The Senate Has an Easy Decision on Energy Efficient Homes
Let’s say you’re in the market for a new cell phone.
One store is offering a great price of $50, but it comes with a bill of $100 per month. The store next door is charging $100 upfront but the monthly fees are just $50 per month. Most people would choose option two. You’d break even in the first month, and save $550 over the course of the first year.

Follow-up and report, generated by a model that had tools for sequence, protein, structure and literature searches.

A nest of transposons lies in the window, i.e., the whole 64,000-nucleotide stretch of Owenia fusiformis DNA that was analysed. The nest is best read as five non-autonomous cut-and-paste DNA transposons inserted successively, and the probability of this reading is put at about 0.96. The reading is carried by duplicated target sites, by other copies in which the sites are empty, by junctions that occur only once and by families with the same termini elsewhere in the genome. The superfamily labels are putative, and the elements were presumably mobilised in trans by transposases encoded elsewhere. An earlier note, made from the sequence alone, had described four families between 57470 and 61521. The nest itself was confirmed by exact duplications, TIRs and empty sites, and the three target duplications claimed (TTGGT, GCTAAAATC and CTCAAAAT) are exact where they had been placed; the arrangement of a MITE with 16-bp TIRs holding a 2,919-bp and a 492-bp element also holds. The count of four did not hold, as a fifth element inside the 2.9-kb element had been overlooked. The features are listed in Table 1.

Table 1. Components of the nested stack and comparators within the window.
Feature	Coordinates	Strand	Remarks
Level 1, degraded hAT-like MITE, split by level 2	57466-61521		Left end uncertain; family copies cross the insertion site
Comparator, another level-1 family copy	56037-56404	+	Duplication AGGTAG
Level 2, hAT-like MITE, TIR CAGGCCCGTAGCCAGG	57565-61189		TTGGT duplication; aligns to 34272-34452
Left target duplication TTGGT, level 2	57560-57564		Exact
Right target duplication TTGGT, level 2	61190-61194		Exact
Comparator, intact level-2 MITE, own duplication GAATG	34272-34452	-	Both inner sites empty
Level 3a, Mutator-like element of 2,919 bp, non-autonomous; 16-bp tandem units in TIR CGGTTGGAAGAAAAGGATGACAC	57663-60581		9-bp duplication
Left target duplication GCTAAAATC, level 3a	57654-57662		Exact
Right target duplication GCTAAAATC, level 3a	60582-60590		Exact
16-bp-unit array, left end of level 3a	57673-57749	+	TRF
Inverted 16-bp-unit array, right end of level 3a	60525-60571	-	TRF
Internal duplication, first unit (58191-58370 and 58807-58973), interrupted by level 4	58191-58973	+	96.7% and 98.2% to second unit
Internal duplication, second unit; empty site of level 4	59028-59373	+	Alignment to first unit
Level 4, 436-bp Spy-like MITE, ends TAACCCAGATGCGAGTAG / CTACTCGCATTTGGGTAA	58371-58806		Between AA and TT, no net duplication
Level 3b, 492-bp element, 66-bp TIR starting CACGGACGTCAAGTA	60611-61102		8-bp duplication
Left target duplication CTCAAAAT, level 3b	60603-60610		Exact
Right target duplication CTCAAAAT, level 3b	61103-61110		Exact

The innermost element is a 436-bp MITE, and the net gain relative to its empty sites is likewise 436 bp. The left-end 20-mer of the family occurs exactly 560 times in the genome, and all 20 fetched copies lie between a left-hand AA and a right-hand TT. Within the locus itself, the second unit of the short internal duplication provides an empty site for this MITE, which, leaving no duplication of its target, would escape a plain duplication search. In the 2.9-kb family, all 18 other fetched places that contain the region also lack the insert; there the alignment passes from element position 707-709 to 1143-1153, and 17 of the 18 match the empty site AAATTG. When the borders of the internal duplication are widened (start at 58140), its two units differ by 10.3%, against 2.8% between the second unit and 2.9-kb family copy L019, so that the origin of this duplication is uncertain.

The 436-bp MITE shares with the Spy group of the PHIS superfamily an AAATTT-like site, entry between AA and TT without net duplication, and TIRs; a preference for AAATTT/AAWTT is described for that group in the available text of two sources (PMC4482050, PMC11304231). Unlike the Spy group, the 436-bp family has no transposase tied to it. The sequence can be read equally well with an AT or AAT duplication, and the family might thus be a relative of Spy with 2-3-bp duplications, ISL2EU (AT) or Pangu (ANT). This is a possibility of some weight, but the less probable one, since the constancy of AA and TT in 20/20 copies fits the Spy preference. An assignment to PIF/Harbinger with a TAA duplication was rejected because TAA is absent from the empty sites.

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Consumers face a similar dynamic when buying a house. The biggest expense after the mortgage payment is usually the energy bill. Drafty, leaky and poorly insulated homes cost a lot of money to heat and cool – the average monthly utility bill is about $225. An upfront investment of a couple of thousand dollars in insulation and other energy efficiency upgrades during construction can deliver huge savings.